Sunday, October 10, 2010

Education, not Training!

Steve Nelson writes in today's Valley News (Vt. & NH):

WAITING FOR SUPERMAN, indeed! Based on the response to the new documentary film of the same name by Davis Guggenheim, it's going to be a very long wait for an educational system that genuinely serves America's children. The political and public frenzy over the troubled state of American education is driving a "reform" movement that is arguably as irrational as stockpiling nuclear weapons as a means of bringing peace to Earth.

Guggenheim's film mischaracterizes the decline in American education and misplaces blame. It offers a broad, gratuitous indictment of teachers and teachers unions. While some teachers are great and some significantly less than great, this is nothing new. Teachers are by and large as well qualified and dedicated as they were a generation ago. If education has dramatically changed for the worse, teachers are not the variable. Race, class and rapid cultural and social shifts are the more germane variables.

In addition to misidentifying the root causes of educational ills, the film goes on to celebrate the tough-love, often militaristic, data-driven practices that are supposed to make education better. These practices are guaranteed to make it worse. Watching the parade of celebrities, political leaders and sycophants lionizing media darlings such as D.C. Superintendent Michelle Rhee is depressing for those of us who love children.

I regularly ask parents what qualities they hope to see nourished in their children. The responses are always the same: creativity, confidence, integrity, a sense of humor, compassion, originality, honesty, imagination, critical thinking skills and so on.

If the purpose of education is to develop such things, the practices in most schools today, particularly in the schools held up as shining exemplars in Waiting for Superman, will do much the opposite. In these schools, as children march in uniformed lockstep to the next regimented bit of curriculum, their little hearts, minds and souls are being bleached into sad, bland conformity. The illusion of achievement, as symbolized by the minor, self-prophetic improvement in test scores, feeds the frenzy and the vicious (often literally vicious) cycle continues. There is no time for passion or compassion, a sense of humor is a liability, and imagination is an unnecessary distraction. Thinking critically is a risk no child dare take. Children in these schools are being trained, not educated.

This is no mere philosophical quibble.

Current trends in education - increasingly early academic work, test preparation and tests - are waging psychological and even biological warfare on America's children.

Children's cognitive abilities, especially reading, develop along highly varied timelines - roughly analogous to the wide range of ages that children begin to walk. There is no reason to expect that all 7-year-old children will be able to do the same things in the same way, yet our system is designed as though they should. Our treatment of many late readers, for example, is as abusive and senseless as it would be to scream at your one-year-old for not standing up and running on her first birthday.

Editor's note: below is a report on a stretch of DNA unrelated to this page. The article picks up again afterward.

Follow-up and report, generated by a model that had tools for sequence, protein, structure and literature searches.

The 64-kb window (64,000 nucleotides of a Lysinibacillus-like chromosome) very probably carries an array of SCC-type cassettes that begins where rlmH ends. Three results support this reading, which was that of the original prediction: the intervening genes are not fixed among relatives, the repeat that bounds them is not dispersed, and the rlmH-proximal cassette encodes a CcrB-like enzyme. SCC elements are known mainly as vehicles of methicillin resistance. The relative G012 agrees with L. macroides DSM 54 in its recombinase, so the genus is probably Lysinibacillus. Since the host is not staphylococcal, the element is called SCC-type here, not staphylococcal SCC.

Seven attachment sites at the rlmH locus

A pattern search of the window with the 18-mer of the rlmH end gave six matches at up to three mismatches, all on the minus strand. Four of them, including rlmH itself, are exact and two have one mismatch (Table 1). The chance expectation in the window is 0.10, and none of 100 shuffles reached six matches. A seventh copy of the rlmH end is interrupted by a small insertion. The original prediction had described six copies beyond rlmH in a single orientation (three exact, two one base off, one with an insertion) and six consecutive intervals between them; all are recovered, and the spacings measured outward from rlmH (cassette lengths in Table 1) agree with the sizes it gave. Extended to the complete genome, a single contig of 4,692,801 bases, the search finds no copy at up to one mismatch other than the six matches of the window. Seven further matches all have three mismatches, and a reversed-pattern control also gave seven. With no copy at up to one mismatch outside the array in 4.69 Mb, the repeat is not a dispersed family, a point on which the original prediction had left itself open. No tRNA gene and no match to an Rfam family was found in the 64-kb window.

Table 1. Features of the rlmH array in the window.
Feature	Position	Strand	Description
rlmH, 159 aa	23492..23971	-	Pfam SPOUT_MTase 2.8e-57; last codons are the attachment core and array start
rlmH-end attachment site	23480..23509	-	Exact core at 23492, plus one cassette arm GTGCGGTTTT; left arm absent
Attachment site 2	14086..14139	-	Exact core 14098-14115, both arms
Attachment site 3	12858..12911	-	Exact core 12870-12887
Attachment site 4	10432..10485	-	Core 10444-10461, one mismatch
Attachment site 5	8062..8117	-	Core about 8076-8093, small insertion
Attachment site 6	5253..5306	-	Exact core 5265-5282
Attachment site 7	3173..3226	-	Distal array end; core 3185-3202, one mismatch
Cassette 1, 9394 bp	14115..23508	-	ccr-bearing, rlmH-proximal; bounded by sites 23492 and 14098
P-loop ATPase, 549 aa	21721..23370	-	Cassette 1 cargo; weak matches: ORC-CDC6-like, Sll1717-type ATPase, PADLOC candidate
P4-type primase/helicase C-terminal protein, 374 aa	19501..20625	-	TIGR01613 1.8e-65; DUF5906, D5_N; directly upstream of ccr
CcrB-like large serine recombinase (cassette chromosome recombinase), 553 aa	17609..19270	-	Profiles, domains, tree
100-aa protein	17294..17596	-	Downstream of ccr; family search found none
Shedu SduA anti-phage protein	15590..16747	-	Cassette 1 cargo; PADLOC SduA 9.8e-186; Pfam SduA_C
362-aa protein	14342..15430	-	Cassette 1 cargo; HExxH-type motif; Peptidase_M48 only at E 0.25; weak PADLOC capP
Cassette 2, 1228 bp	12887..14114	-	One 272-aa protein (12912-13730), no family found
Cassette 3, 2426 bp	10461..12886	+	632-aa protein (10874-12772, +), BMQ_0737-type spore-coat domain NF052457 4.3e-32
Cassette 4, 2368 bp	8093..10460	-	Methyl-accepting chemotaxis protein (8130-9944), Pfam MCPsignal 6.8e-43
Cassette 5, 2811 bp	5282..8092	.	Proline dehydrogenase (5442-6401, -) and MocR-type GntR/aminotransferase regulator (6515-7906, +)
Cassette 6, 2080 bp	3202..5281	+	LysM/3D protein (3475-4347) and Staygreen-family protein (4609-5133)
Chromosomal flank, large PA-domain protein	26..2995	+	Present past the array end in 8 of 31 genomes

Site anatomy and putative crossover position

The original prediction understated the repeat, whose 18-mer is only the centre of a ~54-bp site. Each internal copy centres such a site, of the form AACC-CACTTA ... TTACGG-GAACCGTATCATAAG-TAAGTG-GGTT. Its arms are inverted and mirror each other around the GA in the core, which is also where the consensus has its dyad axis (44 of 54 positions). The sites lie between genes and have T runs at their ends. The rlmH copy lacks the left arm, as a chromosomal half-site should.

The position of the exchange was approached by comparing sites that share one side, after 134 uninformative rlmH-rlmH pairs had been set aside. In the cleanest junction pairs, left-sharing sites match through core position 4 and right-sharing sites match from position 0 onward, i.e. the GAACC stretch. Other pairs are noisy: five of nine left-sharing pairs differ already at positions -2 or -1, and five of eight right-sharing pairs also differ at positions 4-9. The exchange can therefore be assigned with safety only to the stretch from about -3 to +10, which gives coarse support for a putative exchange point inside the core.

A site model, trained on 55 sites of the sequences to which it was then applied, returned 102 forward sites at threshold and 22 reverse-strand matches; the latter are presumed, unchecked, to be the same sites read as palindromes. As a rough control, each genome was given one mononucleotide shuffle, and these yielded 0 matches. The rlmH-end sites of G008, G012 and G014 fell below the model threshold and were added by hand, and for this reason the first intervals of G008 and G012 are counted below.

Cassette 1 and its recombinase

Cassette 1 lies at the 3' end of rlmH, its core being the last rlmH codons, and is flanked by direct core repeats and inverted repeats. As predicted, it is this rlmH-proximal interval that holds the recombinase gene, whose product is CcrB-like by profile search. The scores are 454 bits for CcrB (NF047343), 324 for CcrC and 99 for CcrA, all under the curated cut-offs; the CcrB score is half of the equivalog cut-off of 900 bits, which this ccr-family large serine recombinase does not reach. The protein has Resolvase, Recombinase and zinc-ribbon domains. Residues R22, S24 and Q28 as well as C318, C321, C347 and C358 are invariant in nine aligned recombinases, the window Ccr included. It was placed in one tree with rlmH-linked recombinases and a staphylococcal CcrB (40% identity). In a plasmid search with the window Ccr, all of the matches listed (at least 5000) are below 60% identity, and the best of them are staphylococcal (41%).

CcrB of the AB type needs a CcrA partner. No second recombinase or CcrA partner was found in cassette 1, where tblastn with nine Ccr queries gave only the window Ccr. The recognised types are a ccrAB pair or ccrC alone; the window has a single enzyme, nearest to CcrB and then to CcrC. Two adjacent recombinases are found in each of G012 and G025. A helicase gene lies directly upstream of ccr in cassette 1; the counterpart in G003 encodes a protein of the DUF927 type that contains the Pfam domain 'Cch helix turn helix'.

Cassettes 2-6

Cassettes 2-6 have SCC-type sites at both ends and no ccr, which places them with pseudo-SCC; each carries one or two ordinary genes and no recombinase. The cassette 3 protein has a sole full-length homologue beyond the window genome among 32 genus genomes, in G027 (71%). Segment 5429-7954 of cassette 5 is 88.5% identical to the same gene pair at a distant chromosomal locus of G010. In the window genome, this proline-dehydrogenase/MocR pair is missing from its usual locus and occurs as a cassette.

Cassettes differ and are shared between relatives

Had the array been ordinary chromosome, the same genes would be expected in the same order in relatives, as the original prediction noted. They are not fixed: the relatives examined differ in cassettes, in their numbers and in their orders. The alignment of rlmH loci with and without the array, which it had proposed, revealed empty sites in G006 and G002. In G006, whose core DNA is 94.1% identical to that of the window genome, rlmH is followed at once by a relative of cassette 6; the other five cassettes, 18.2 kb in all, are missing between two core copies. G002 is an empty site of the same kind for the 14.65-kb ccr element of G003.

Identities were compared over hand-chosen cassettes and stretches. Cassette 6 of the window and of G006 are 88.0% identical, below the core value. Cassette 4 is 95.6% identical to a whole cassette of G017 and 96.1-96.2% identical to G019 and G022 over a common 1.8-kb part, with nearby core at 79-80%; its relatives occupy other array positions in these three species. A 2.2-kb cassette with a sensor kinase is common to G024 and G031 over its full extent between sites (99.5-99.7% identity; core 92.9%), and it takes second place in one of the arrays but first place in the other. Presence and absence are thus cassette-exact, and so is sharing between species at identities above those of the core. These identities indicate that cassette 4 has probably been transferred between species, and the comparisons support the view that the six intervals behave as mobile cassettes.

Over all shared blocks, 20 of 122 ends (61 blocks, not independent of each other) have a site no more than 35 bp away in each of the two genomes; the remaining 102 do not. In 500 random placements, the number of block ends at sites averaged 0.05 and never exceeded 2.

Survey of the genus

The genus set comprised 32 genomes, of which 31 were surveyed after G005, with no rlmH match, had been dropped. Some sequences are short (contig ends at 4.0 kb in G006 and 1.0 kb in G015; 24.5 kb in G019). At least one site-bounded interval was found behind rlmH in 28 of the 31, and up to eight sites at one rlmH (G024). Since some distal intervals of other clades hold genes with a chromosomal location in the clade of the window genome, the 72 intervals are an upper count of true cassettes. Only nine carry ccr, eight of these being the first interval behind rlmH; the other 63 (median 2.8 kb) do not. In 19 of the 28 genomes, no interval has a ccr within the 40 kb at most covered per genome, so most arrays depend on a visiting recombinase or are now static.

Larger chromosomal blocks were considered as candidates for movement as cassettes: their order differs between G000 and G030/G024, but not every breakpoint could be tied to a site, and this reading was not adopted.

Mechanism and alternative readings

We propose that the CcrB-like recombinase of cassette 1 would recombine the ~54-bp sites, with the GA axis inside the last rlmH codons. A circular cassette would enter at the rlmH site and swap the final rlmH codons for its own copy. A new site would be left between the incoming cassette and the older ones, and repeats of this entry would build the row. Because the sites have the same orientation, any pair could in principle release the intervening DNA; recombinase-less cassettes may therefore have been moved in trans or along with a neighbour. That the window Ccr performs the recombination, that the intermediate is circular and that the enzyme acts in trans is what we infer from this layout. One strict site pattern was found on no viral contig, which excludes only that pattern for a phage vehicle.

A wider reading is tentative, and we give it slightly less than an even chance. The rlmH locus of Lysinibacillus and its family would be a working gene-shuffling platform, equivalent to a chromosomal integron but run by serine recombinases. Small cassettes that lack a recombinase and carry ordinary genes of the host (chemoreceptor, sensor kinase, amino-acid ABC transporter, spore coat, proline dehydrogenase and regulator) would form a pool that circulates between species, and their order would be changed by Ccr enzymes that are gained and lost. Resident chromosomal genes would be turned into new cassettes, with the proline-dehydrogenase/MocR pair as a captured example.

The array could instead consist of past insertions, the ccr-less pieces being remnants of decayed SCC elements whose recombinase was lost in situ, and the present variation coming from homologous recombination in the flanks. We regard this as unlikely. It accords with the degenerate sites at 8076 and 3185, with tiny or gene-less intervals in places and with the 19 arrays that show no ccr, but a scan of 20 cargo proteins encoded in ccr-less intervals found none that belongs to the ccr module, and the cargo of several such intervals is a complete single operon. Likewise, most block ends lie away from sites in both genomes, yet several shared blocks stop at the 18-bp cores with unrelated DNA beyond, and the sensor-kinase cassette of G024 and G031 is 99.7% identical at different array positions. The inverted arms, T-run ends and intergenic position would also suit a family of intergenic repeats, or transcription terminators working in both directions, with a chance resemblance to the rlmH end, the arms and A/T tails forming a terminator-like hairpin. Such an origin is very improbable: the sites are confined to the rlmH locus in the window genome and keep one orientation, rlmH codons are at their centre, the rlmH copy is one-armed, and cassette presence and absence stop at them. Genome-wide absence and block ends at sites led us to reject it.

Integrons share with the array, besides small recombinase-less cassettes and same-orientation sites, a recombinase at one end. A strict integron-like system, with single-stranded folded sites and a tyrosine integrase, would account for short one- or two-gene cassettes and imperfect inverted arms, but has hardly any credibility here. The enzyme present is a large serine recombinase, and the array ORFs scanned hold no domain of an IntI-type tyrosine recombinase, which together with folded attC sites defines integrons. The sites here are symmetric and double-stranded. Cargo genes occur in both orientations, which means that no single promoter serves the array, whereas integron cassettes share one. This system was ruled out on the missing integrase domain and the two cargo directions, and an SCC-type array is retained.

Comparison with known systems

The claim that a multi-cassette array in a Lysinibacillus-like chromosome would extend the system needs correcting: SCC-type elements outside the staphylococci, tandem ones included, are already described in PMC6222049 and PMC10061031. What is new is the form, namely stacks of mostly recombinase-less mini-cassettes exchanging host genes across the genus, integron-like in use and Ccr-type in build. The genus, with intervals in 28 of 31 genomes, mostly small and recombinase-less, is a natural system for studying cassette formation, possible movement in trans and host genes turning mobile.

As the eminent psychologist Jerome Bruner once told me, the most damaging aspect of contemporary educational practice is the pressure for children to do too much, too soon. As a result of these practices, some children are branded for life as substandard, simply because they aren't yet up to "expectations." Others, who may be able to manage the work, are conditioned to see learning primarily as the process of giving the powerful adults (parents or teachers) the answers they're looking for.

The "losers" in such schools are disenchanted and brokenhearted. The "winners" are, in increasing numbers, unimaginative, dully conformist in thought and behavior, and neurotic. They can chant slogans about success and declare the ambitions they hope will please adults, but they have diminished capacity to love ideas, to take risks, to recognize or make something beautiful or to question authority.

The biological damage may be more profound. Advances in neurobiology and cognitive science make clear the im portance of rich and varied sensory stimulation for brain development. Children must sing, talk, paint, run, build fabulous towers, smell flowers, bounce balls, hear beautiful music and touch everything in sight. The complex and powerful neural pathways that constitute a well-educated person have their roots in all these natural and joyful experiences.

Why then would a supposedly "rigorous" school dispose of physical education, diminish art and music classes, while telling children to sit still and endure daily drills in computation and phonics? There is mounting evidence that the rote practices that produce the temporary illusion of progress are actually inhibiting the biological and emotional development required for authentic academic achievement.

Might this be why politicians and economists who brag about improved fourth-grade scores are often mystified by stagnant (or worse) eighth-grade scores? Could it be that the very practices that raise scores in the short term are guaranteed to fail in the long run? (Sound like Wall Street?)

Neuroscientists, psychologists and thoughtful educators around America know these things, but too many of the decisions about education are being made by politicians and metrics-driven "experts" who know very little about children. I'm sure the intent behind Waiting for Superman was good, but the result seems to be renewed enthusiasm for a very misguided approach to learning.

Steve Nelson lives in Sharon and New York City, where he is the head of the Calhoun School, a private school. He can be reached through e-mail at steve.nelson@calhoun.org. His column appears in the Valley News every other Sunday.